Criticism of Campbell's appointment has been muted, as local design and development professionals know they have to work with the new Director, and it's in their interest to keep their thoughts to themselves. Being critical of the hiring process and the decision can be misinterpreted as criticism of Campbell herself.
As a professor responsible for educating and training young architects and planners, it's often my task to provide tough critiques. But such criticisms are always about the work, never about the person. There's a very important difference. My issue isn't with Campbell personally, for I respect her as a hard working professional. My dismay springs from the secrecy that has prevailed in city government around this appointment. Here was a golden opportunity to bring in a new mind with fresh ideas at the cutting edge of urban development, design, and growth management, ideas that Charlotte so desperately needs, but City Manager Pam Syfert was more concerned about "fit" with the existing system. It almost seems, from the outside, as if an internal appointment was a prearranged conclusion.
Questions have been raised about the quality of a "national" search for the best and brightest planners in the country, especially when the finalists were a hand-picked internal candidate and a chap who reportedly applied for the job after seeing a newspaper ad. This doesn't sound as if the headhunters tried very hard, for there are dozens of fine planners in American towns and cities, doing more advanced work than we've seen in Charlotte.
Take one example: the Charlotte region urgently needs a leader to promote regional planning. How hard did the city work to lure someone from Minneapolis/St. Paul, the metropolitan area with the most advanced regional planning in the nation, where a tax-sharing regional council guides growth over a seven-county area? We'll never know. It's a well-kept secret.
There are several other things wrong with planning in Charlotte. First is the fact that developers still call the shots, and the short-term objectives of developers are often antithetical to long-term planning goals for a sustainable and attractive city. This needs to change.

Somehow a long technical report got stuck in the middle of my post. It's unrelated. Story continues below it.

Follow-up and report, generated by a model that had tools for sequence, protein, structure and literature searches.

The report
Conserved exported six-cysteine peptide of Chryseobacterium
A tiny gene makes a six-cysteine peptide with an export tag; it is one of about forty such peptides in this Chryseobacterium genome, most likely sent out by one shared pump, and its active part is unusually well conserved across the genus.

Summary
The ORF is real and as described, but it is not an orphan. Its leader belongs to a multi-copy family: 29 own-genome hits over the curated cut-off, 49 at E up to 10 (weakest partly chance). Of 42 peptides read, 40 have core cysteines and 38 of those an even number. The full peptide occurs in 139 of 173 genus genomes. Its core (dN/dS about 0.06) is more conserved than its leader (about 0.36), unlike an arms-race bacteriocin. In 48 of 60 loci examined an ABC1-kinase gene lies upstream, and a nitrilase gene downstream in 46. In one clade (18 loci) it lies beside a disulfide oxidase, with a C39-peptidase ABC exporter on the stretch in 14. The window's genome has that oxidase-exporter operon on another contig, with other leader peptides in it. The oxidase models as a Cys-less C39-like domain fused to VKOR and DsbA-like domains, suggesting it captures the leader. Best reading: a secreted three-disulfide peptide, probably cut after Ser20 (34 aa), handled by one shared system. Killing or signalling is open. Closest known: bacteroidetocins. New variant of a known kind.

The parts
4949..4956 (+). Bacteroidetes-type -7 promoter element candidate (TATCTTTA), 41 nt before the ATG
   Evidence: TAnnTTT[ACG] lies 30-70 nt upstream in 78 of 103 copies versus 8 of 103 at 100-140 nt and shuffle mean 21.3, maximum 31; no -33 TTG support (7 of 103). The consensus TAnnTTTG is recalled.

Second, the city badly needs someone of national stature to fight for higher standards, and promote renewed respect for city plans. How many times have we had to listen to mealy-mouthed drivel from elected officials and appointed planning commissioners that plans so carefully wrought by staff and citizens are "only a guide," and each case should be decided "on its merits"? (Translation: "Who cares about the endless hours of meetings, work sessions and citizen input? If the developer doesn't like the plan, throw it away.") This slipshod governance is a moral and ethical denial of grassroots democracy, but it's engrained as business as usual in Charlotte. About the last thing our city needs is a new Planning Director with whom elected officials "feel comfortable."
A third problem is the zoning code: it's a mishmash of concepts -- some good, some bad -- cobbled together in a nightmare format of dull legalese with not a picture in sight. Former Planning Director Martin Cramton used to say that rewriting this tome was too difficult a task for the city to undertake. Perhaps he meant that developers would kick up such a stink that City Council would never have the courage to enact much-needed reforms. Yet other cities do it. Are we so browbeaten and timid that we give in before we've even started? Can a planner from this same school of self-censorship break away from this deadening status quo?
A fourth issue concerns the type of planning that's become established over the last several decades in America. Planners of Campbell's generation have been trained to value process over product; that is, to place more emphasis on the way plans are produced -- public meetings, proper notifications, involvement of citizens and neighborhoods -- than on the quality of the finished product. This has resulted in a lack of interest and expertise by planners in the physical design of our environment, and abstract diagrams of colored blobs have replaced specific design concepts. This diminishes the importance of plans in the minds of elected officials, which in turn reduces the morale of planners and citizens, and establishes a vicious cycle of ever-declining expectations. Only in recent years has a new breed of architect-planners elevated civic design once more to its proper place in planning and established a new paradigm. But whether any of these individuals made the short list, or were even contacted, is another well-kept secret.
Yes, it's still business as usual in Charlotte.